Gallery: SWIFT: Ultra Quiet Rooftop Wind Turbine

Upclose of Swift rooftop mounted wind turbine
Upclose of Swift rooftop mounted wind turbine

Love the idea of wind power, but can’t imagine that a wind turbine on your property could ever be quiet or unobtrusive? Personal wind turbines are the next big thing in wind power technology, and the Swift Wind Turbine is sure to make a splash with its quiet and unobtrusive design. Coming to rooftops in July 2008, this unique design uses an outer ring to diffuse air flow from five blades, minimizing noise to a minute 35 decibels – less noise than generated by whisper conversation. With the capability to generate up to 2,000 kWh annually, Swift is making small scale wind power more aesthetically and acoustically appealing.

The specs on the Swift are impressive: blade/ring diameter is 7 feet; rated power output is 1.5kW @ 14 m/s (31.3 mph); annual average power supplied is up to 2000 kWh. But it’s the noise levels that have captured our attention. The developers claim the Swift is the first turbine of its kind to be quiet at any wind speed, meaning less than 35 decibels (dB). For comparison, a pin dropping from 1 cm is 15 dB if you’re 1 meter away, whispering is 40 dB, a normal conversation is 60 dB, and a 100 watt car stereo is 110 dB. As the website explains, traditional turbines generate noise as the air flows along the length of the blade. On the Swift, the outer ring acts as a diffuser as the air flows along the blades and out to the ring, nearly eliminating noise.

Not only is Swift a quiet turbine, but its design is easy on the eyes and will blend in well on almost any rooftop. The turbine needs just a few feet of mount, at least 2 feet from the top of the roof, and preferably at the highest point. A patented roof mounting system is also designed to minimize noise and vibrations while in operation.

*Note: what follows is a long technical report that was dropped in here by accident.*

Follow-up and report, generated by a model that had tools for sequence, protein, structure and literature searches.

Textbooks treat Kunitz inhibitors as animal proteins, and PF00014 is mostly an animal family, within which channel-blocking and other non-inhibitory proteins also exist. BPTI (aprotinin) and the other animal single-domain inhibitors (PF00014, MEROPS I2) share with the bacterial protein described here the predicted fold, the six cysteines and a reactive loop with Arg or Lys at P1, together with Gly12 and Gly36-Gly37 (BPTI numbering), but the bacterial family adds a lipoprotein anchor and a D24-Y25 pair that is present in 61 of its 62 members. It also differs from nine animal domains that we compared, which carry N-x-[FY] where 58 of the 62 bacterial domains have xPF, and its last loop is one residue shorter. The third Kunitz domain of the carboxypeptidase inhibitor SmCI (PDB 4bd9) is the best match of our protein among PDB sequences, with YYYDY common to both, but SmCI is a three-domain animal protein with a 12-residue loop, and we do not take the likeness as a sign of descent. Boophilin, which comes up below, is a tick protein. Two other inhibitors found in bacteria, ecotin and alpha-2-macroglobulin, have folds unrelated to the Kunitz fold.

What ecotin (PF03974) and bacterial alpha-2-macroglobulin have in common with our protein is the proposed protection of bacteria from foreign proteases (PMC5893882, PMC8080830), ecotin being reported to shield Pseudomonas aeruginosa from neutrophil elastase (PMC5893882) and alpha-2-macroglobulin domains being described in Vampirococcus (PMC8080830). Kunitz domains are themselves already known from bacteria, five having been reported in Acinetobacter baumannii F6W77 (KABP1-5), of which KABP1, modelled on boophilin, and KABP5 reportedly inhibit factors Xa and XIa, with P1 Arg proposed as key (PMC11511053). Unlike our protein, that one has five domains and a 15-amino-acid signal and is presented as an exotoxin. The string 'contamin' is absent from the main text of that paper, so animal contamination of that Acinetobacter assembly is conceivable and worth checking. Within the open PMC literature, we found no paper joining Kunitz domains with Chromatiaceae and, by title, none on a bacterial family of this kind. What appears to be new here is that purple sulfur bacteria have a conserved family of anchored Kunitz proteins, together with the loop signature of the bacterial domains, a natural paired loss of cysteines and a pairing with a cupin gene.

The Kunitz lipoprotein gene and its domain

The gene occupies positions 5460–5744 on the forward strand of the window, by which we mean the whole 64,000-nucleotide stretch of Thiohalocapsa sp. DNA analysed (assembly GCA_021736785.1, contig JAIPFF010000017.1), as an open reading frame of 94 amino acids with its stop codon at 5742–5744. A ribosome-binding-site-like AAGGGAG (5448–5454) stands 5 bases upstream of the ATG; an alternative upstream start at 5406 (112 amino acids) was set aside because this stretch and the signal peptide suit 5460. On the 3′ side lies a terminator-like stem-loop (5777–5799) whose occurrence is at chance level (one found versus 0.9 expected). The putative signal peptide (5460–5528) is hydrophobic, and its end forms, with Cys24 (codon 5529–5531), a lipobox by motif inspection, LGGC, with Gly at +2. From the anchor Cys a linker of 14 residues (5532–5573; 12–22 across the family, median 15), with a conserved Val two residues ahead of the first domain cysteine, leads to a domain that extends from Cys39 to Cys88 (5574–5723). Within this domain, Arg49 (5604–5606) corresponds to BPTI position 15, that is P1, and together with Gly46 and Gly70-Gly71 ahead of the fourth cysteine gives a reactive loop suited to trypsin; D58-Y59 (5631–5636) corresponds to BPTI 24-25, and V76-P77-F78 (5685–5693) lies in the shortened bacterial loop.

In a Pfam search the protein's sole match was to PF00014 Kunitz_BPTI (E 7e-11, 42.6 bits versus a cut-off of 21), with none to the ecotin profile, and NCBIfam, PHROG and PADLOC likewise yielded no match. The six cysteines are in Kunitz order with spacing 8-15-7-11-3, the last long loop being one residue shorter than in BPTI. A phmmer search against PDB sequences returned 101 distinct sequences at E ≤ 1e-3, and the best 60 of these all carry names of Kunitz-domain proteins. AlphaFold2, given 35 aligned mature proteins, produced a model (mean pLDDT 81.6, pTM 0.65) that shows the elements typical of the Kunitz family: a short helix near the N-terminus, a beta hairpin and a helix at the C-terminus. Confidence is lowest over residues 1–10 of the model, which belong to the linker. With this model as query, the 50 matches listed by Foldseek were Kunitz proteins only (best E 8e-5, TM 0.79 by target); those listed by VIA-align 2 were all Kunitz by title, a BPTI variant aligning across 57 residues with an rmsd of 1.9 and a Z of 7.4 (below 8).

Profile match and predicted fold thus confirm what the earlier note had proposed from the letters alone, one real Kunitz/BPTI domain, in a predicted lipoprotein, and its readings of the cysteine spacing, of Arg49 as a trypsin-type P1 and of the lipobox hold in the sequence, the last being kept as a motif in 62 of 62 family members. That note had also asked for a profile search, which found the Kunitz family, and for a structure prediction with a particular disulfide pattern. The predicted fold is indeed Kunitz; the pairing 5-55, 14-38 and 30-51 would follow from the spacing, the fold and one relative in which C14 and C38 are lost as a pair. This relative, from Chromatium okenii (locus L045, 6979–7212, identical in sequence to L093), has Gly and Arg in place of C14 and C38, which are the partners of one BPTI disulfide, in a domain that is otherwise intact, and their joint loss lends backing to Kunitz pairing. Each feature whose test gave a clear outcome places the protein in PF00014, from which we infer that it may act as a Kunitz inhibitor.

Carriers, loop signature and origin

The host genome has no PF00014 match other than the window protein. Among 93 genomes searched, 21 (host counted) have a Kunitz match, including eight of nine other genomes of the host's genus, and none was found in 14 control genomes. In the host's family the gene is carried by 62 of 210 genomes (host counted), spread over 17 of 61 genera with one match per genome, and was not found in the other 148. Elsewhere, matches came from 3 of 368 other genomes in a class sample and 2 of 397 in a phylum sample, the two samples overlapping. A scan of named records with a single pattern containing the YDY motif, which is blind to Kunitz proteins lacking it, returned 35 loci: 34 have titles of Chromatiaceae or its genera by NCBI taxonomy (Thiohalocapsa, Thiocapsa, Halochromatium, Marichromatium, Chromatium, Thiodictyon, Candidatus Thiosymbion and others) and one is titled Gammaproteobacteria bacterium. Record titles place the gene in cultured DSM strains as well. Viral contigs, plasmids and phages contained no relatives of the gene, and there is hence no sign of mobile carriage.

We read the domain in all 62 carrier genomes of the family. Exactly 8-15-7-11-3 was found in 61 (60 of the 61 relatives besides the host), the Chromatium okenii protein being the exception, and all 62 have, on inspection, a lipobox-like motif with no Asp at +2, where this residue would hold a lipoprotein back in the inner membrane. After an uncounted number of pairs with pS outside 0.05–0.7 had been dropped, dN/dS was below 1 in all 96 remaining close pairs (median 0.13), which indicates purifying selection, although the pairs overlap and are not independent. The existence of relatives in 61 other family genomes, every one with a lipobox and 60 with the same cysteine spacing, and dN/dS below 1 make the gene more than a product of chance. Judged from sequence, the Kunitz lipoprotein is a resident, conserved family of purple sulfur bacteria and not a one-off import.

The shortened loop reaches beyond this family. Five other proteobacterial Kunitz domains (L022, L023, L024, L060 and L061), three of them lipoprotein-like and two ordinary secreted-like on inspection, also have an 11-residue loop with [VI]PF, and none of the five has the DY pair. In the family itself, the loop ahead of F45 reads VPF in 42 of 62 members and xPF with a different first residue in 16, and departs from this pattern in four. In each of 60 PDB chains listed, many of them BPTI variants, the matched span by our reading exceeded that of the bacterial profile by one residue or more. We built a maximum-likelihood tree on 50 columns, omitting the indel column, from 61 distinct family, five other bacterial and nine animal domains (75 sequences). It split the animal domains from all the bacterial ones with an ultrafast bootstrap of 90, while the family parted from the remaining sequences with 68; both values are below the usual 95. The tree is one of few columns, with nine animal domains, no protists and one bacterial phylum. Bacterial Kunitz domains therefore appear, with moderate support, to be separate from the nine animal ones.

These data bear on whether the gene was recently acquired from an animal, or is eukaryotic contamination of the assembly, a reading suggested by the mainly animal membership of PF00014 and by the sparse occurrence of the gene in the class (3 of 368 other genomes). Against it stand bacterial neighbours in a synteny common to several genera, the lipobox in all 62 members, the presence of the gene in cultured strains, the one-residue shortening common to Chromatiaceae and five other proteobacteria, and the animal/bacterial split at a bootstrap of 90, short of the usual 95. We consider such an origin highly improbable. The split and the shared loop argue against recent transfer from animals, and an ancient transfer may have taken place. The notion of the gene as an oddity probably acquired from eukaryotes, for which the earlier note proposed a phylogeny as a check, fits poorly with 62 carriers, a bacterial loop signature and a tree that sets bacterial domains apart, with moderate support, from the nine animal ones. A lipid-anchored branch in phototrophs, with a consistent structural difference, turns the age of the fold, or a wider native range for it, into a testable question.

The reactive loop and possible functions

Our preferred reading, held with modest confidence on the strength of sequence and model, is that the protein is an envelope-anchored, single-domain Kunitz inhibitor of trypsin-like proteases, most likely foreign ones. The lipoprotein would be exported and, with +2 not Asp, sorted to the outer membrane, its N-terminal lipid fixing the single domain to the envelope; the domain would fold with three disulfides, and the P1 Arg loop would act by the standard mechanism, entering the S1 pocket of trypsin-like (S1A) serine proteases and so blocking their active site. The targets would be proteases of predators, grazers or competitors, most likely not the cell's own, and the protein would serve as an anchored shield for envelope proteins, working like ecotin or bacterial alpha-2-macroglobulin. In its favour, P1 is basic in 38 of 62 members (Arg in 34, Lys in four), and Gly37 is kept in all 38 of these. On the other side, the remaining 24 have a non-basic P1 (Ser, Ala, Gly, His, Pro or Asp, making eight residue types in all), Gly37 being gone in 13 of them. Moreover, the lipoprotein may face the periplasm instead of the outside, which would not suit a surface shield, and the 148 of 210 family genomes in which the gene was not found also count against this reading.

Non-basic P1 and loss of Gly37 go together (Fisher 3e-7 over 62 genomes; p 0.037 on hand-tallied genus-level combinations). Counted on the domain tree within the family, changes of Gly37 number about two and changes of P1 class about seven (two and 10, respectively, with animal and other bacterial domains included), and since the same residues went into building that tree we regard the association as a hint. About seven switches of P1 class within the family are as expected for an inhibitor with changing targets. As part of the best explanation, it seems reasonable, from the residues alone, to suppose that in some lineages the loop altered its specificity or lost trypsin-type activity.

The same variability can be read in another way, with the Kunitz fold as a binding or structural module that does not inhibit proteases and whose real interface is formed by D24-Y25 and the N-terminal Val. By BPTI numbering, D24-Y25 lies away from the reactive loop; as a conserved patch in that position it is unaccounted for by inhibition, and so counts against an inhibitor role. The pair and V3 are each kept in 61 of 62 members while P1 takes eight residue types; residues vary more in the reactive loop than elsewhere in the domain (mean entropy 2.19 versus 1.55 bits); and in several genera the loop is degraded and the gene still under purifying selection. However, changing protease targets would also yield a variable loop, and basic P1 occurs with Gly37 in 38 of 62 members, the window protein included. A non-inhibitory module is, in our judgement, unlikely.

Additionally, the developers and manufacturers say that the Swift Wind Turbine is environmentally sustainable. The turbine, over the course of its life, will produce far more energy than is embodied in the manufacturing or “harm neutral.” In good wind areas, with good incentives and tax credits, this turbine would be a great way to go, especially if you don’t have an acre of land to install a 40 foot wind tower.

The new Swift Wind Turbine is meant for rooftop residential or commercial applications and will be available in July of 2008. Renewable Devices in Scotland developed the turbine and Cascade Engineering, in Grand Rapids, MI will manufacture the new wind turbine in the United States. Swift will sell for $10,000 – $12,000.

+ Swift Wind Turbine

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  1. peddler7122 May 23, 2011 at 5:05 pm

    When i hear these “estimates” based on 30 to 40 mph wind speeds it seems obvious that this technology is nowhere near ready.
    As was said earlier you need a high tower to get fairly consistent wind direction and the worst place in the world is near the top of a wall.
    Even a windmill that produced adequate power has to have a backup for low wind conditions or a hydro storage as is used in Holland to store during times of excess.

  2. Lobo one October 14, 2009 at 5:24 pm

    Great idea’s

  3. wanker0554 March 29, 2009 at 11:15 am

    The original designers of swift-ball may have something going on here. But, Like “mrcrispix’s” observation, It would take a inordinate amount of time to realize any financial benefit from such a rooftop system, save the carbon impact. Most areas do not have the average 30mph windspeeds. I’d like to see a relatively easy setup for ‘novices’ like myself who may be on the move location to location….

  4. Magnarp October 5, 2008 at 10:50 am

    Looking for a nice look ?
    Look at this Energy Ball quiet and beutiful.

  5. Magnarp October 5, 2008 at 7:44 am

    Wind power can look nice also and be quiet.

  6. AquaNook June 27, 2008 at 4:27 pm